Posts Tagged ‘arts educators’


We’re Listening

October 15, 2014

Let your voice be heard!

Screen Shot 2014-10-13 at 9.39.51 PMThe Maine Arts Commission (MAC) invites you to contribute your best thinking, creative ideas, and your deep thoughts. We want to hear from all of Maine’s Visual and Performing Arts educators. The short online survey is located at The information collected will help create the future of Maine arts education as part of the MACs Strategic Plan for arts and culture.  Thank you for taking the time.

In addition we want to hear from THE future of Maine and that is your students. Please provide them with the link and ask them to complete the survey at


Reflecting on the Summer Institute

July 10, 2013

Thinking, thinking, thinking


Participants discussing information at the summer institute, June, MECA

I spent some time this weekend putting together the lists of feedback on different topics that we focused on with the teacher leaders at the Maine Arts Assessment Initiative summer institute. It was a good activity since I didn’t have to move around much in the heat. One of the final exercises was to ask the teacher leaders to take a moment and reflect on the work during the three days.


They wrote their reflections to these three questions on stickies that were put on chart paper:

  1. What is circling around in your head?
  2. What are three questions you have?
  3. What is squared with your beliefs?
Dance teacher MaryEllen Schaper and Early Childhood/music educator Judy Fricke compare notes

Dance teacher MaryEllen Schaper and Early Childhood/music educator Judy Fricke

The answers were varied but also clustered. During the institute we spent a day discussing proficiency.  Participants wrestled with “what does it look like in the visual or performing arts classroom when put up against a standard?” This work helped to prepare for the high school diploma coming in 2018 that will be based on students showing proficiency of the standard. No longer will schools be graduating students based on their seat time but by demonstrating accomplishment of the standards. At the local level you will be making the decision on what that looks like.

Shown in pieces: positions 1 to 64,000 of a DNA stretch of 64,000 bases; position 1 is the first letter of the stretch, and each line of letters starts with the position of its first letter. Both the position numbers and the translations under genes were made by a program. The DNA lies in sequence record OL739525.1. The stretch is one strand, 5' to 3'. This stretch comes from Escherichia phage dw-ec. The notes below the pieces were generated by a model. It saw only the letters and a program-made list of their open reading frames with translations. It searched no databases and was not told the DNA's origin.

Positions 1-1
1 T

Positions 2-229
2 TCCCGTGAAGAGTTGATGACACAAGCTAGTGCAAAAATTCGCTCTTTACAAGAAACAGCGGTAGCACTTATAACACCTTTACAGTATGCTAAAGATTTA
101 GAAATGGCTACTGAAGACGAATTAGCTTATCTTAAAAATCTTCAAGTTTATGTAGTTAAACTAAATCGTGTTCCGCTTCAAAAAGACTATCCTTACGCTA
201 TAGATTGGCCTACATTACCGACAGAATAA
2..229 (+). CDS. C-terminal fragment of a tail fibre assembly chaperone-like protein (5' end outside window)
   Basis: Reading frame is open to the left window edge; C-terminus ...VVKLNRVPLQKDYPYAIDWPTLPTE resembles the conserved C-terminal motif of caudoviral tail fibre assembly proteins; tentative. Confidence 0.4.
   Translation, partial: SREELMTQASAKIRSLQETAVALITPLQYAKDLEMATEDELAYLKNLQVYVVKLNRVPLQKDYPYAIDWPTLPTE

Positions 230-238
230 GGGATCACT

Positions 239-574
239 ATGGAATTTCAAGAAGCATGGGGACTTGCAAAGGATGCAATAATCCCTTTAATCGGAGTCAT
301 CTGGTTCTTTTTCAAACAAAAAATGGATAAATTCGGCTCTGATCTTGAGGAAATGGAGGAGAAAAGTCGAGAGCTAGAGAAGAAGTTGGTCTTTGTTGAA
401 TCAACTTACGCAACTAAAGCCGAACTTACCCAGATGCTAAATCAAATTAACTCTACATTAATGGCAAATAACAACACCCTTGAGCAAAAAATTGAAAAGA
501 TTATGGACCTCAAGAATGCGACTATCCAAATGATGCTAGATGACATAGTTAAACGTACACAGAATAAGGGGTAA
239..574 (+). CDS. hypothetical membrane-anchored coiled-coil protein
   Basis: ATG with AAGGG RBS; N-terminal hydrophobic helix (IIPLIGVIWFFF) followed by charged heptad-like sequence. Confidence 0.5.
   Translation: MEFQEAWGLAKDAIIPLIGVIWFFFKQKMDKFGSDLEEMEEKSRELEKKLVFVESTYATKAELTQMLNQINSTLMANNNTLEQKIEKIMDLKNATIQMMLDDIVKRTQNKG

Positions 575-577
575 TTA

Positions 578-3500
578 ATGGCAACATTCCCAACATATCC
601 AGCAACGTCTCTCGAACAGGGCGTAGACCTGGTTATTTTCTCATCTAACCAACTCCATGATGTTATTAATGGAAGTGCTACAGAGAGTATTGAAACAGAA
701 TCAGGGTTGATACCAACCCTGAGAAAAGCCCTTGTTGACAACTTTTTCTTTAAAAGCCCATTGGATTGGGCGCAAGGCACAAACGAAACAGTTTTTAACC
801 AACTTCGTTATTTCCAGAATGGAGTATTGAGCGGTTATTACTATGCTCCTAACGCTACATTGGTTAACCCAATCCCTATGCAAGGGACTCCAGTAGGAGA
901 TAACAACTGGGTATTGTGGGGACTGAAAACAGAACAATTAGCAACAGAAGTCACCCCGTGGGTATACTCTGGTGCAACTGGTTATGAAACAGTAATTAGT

After a day of discussions while looking at and/or listening to student work samples some teacher leaders still had circling around in their heads: “What is proficiency?” “How to organize teaching/assessment to check student proficiency.” “I get the importance of standards but it still boggles my mind how differently we “interpret” them and how differently we use them across the state.”How do we make sure that EVERY school district in Maine offers instruction in VPA that is sufficient for all students to become proficient?” This is not an easy question to answer however, everyone agreed that the conversations are important, necessary, and that they were glad to have the opportunity to be involved in the discussion. As I typed this weekend I wondered: how many teachers across the state are having this type of conversation?!

Visual art teacher Charlie Johnson and music teacher Patti Gordan

Visual art teacher Charlie Johnson and music teacher Patti Gordan

And for question #3:

“Student feedback informs instruction. Formative assessments. Summative assessments.” “Collaboration and good leadership create a vibrant environment for professional growth.” “I can do this has changed to I AM doing this. The process is far enough along to look back and see success.”

Much of what I read reflects the confidence these teacher leaders have and their willingness to learn from each other and understand that learning is ongoing. They’ve made a commitment to teaching but they’ve also made a commitment to go above and beyond to be a leader. Thirty five teacher leaders are preparing workshops this summer that combines what they learned with their experiences and past knowledge. They will gather in the middle of August to share their workshops for feedback from their colleagues. In the fall they will begin a round of  workshops at the regional, mega-regional and statewide level. It is a pleasure to watch their workshops form and their creativity in action. I am grateful that they are doing this important work that benefits all arts educators and ultimately our students are the big winners. So, THANK YOU TEACHER LEADERS!